I have been an activist for practically all of my adult life. Much of that time has been spent working to combat antisemitism and build bridges between communities. 

As I grew both in age and political experience, the way I understood what antisemitism was began to change. What I ultimately realized was something important, not just for the Jewish community of Canada, but for all Canadians who cherish the values which make Canada great. 

So what did I learn about combating racism that made me drastically change my world view? In short: It’s about power.

It all began when I started to wonder why antisemitism was accepted, justified or even promoted by many of the same people who claimed to be actively fighting racism. 

Throughout my career, I have worked with government officials and have met many high-profile politicians from both the right and the Left. Our meetings were often specifically focused on discussing the rising levels of antisemitism in Canada.

When I attended these meetings, I brought with me statistics about anti-Jewish hate crimes in Canada. These figures included total amounts, comparisons to other similarly discussed groups and documentation showing that antisemitism, by all reasonable measures, was a real and persistent area of concern to Jewish Canadians.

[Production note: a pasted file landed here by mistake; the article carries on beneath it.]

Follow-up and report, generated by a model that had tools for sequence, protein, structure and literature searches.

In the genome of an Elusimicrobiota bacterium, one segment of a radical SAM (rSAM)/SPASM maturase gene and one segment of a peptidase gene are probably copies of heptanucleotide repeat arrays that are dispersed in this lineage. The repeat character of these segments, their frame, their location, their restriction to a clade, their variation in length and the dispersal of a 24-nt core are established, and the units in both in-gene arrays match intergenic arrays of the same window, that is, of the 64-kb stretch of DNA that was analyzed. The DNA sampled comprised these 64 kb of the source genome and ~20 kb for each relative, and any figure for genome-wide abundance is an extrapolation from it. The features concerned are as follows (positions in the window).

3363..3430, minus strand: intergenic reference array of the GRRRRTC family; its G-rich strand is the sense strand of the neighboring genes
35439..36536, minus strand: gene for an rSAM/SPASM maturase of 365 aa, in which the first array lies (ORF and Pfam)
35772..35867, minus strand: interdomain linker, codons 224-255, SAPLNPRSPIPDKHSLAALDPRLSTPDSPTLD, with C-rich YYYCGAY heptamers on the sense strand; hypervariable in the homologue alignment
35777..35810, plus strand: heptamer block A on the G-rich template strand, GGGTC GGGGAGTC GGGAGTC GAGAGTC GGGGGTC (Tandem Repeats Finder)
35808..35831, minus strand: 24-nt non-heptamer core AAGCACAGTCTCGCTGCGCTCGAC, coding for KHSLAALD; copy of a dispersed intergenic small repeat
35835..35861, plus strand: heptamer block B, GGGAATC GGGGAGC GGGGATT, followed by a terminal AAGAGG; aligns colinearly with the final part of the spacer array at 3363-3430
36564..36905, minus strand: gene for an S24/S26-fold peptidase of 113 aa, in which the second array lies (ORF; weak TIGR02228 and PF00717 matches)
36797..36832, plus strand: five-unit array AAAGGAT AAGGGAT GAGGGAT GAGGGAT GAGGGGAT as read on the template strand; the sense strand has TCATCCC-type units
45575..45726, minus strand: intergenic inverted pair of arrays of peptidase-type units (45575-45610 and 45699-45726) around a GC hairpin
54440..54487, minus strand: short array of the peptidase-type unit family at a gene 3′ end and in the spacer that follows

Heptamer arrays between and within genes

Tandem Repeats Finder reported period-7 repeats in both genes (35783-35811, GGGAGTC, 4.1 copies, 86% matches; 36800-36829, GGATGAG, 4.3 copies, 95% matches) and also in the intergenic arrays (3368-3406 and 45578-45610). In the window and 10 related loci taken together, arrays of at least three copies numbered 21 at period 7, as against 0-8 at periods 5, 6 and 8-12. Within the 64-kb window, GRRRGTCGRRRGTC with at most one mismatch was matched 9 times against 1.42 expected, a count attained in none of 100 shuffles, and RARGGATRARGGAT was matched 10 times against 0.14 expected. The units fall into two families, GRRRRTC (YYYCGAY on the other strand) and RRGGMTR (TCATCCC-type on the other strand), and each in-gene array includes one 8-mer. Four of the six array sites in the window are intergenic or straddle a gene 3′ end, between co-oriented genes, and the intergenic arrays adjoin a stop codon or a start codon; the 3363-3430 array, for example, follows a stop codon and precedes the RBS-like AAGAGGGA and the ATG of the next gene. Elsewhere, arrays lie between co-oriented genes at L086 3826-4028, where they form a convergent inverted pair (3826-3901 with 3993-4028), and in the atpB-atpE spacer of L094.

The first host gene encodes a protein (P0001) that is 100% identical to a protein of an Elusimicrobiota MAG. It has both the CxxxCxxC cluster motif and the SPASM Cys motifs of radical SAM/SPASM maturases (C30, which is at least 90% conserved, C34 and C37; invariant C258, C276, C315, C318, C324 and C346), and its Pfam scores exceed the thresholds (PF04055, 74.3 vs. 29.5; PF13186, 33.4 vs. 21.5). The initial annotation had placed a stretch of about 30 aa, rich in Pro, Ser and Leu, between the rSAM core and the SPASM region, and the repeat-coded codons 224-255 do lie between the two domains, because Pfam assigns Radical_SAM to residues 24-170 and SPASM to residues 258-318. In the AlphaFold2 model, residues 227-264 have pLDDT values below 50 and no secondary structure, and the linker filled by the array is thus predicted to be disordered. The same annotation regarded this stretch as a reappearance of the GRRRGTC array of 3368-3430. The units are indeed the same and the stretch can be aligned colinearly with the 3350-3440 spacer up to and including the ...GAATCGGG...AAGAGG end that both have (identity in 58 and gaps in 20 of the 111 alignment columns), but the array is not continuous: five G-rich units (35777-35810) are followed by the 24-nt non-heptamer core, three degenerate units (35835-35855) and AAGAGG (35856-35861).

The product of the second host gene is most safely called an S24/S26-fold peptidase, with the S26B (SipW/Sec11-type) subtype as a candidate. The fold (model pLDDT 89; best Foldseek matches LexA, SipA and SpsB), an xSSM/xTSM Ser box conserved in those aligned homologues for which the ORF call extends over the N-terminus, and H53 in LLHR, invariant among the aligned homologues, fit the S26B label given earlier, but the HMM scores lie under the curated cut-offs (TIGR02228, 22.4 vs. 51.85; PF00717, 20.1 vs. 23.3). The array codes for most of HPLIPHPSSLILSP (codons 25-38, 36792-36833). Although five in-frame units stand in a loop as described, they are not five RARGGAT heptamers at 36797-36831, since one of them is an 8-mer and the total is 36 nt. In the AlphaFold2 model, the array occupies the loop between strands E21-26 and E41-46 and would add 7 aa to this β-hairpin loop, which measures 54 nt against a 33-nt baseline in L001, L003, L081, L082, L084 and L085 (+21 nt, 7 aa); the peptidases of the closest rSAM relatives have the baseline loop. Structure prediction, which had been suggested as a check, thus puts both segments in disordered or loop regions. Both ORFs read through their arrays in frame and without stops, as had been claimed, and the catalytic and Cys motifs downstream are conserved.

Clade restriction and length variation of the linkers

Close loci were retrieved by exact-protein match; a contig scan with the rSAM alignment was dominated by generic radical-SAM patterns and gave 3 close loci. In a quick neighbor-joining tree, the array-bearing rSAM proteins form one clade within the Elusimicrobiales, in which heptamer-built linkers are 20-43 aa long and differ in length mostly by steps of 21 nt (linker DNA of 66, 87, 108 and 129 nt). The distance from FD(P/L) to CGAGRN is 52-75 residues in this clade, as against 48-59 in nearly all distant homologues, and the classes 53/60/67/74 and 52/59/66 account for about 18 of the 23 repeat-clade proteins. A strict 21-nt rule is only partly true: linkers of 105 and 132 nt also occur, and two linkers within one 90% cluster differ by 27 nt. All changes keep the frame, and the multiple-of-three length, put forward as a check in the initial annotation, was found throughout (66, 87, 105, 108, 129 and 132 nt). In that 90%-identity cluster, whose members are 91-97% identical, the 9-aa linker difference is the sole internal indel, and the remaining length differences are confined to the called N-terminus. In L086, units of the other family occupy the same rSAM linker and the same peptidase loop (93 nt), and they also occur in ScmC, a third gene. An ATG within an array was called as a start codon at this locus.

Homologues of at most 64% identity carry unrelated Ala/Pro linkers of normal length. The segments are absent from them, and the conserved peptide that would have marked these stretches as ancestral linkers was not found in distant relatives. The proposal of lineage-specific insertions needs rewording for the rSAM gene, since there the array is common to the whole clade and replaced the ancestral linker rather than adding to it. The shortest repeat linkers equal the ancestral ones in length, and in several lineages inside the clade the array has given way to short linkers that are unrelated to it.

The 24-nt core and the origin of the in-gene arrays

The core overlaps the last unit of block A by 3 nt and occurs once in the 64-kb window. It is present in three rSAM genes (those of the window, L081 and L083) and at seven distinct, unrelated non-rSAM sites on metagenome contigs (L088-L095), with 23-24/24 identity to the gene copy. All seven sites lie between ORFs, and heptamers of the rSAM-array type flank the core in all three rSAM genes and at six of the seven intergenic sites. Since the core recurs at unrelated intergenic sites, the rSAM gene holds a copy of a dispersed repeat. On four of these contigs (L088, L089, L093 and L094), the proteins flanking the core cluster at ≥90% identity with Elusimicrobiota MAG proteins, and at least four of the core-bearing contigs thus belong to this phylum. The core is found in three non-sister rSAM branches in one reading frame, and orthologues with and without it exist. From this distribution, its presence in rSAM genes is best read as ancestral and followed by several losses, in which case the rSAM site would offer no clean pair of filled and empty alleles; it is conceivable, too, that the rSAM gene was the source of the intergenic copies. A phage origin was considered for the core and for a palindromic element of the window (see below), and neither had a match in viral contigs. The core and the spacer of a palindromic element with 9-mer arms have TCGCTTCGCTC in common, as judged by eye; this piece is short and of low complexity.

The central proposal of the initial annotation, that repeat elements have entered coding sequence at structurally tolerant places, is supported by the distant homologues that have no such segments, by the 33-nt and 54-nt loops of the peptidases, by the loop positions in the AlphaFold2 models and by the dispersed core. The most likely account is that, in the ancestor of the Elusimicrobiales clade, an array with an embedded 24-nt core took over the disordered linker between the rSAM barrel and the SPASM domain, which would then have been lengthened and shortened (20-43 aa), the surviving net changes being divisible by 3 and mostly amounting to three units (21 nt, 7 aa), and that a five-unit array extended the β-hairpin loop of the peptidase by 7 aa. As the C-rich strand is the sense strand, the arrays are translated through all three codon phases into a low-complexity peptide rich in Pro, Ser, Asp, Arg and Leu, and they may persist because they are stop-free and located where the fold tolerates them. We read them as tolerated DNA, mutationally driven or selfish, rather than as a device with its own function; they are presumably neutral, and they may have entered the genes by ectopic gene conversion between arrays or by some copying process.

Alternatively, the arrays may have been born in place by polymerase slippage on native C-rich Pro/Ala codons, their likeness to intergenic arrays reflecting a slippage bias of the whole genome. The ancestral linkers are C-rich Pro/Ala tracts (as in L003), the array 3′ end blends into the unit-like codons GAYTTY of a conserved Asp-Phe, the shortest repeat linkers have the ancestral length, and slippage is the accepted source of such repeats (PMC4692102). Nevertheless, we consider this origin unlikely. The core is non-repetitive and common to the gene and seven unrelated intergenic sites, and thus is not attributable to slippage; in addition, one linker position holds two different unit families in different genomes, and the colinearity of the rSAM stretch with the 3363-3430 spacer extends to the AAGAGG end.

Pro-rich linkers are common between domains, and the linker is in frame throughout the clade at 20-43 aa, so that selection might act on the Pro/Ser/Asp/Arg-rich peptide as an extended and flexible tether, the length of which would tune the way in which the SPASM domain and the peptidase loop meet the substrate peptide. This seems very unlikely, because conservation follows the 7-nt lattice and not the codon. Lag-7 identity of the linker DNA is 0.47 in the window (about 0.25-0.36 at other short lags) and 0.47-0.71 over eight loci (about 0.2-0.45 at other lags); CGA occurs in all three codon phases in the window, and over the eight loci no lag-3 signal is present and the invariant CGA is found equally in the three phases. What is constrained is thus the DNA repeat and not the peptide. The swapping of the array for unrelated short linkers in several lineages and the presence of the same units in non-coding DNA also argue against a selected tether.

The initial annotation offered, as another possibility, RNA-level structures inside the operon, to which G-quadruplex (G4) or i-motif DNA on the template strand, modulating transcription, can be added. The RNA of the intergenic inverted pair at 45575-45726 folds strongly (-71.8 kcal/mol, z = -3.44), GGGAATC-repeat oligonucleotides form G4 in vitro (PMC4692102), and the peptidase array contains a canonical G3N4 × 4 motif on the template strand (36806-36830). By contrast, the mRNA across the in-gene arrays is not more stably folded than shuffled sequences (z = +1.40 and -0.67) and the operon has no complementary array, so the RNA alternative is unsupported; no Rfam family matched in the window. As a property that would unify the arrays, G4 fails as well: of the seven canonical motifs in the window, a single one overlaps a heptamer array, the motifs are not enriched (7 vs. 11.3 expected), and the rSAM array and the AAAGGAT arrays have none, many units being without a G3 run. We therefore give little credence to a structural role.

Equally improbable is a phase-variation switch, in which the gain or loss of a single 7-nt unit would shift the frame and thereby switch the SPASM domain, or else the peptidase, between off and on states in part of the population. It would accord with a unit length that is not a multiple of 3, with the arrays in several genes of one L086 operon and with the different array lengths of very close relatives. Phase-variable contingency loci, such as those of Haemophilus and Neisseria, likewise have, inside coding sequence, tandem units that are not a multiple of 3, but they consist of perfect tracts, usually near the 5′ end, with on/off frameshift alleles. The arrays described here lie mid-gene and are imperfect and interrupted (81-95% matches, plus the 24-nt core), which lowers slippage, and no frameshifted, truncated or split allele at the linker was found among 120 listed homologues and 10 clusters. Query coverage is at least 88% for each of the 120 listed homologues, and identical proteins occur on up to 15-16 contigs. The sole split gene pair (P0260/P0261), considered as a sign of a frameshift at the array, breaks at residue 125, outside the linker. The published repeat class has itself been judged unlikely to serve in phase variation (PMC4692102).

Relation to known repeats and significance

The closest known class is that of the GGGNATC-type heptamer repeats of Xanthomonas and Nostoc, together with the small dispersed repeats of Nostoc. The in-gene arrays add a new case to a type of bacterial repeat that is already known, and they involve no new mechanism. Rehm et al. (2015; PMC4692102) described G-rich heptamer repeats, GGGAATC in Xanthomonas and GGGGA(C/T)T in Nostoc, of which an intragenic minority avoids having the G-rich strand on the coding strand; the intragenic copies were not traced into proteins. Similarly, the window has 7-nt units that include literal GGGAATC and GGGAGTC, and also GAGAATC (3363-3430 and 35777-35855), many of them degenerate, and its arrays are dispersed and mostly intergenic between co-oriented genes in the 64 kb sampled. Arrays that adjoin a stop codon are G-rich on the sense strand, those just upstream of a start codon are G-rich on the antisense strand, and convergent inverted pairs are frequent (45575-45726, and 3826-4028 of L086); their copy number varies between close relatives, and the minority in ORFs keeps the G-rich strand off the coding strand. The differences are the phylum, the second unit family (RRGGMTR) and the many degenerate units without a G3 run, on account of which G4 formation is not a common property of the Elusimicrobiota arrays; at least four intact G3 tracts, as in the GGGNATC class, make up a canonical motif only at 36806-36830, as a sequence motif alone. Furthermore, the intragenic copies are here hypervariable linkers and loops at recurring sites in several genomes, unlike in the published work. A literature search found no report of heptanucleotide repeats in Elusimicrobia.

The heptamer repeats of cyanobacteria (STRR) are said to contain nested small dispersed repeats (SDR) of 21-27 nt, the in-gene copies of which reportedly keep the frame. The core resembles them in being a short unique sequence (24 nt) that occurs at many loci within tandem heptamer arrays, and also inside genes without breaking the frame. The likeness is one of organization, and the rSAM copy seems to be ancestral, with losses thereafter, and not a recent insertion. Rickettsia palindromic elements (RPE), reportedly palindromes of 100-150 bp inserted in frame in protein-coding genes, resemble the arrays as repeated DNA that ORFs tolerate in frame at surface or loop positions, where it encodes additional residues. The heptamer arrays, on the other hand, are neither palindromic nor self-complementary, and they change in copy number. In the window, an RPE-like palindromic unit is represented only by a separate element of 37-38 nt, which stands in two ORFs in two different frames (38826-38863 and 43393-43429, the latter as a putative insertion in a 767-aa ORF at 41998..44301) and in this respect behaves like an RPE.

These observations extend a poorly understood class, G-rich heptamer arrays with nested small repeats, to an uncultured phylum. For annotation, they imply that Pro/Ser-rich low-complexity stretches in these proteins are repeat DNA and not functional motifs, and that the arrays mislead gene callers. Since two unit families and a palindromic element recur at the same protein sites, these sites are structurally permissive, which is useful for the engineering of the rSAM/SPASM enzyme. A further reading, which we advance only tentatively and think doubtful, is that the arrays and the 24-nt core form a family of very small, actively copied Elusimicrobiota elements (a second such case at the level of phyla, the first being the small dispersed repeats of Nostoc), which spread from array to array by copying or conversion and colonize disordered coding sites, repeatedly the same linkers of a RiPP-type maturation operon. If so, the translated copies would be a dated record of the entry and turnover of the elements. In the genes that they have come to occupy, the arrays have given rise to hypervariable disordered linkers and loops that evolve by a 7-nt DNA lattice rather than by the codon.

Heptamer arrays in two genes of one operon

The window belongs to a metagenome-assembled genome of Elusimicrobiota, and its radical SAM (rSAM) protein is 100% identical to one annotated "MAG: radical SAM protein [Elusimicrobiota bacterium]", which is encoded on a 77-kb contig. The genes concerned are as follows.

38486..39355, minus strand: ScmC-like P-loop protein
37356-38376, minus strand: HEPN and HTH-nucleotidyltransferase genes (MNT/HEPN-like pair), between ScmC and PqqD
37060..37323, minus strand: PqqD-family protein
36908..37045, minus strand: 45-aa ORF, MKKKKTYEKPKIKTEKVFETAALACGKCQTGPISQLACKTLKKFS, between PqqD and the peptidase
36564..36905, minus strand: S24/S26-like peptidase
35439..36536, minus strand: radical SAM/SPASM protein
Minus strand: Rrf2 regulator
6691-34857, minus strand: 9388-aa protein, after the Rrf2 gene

According to Statistics Canada, Jews have been the number one victims of hate crimes in the country since at least 2014 and in the City of Toronto since at least 2010. This is despite being approximately 1% of the total population, making their per capita victim rate extraordinarily high.

You may be surprised to learn this fact, especially given that other forms of racism seem to be discussed more often, while antisemitism seems to be downplayed.

I decided to put that question to one left-wing politician (whose name I won’t mention because we spoke in confidence). I asked why it seems that many on the Left of the political spectrum aren’t bothered by antisemitism and some even seem to justify it.

His answer was direct — he said it was because Jews are white (they aren’t), Jews speak English, Jews are rich and successful and Jews have organizations to speak on their behalf. He argued that there is far less antisemitism than Islamophobia (again not true- – despite Muslims outnumbering Jews in Canada by nearly 4 to 1, Jews are the victim in more hate-motivated crime.) Finally, he said, most antisemitism is really just criticism of Israel. 

Translated, he told me the following: It isn’t about racism or discrimination against Jews, it’s about power. Jews as a group have power, and therefore do not need the power of the state to help. Sure, Jews have suffered historical injustices, but those are made up for now, and you guys are at the top.

I was floored. Was he really saying that Jews do not deserve the added protections of government because some of us had greater financial means? This didn’t make sense to me. My parents came to Canada separately as immigrants from Israel. They did not speak English, were poor and had no connection to any “official” Jewish organization that could speak for them.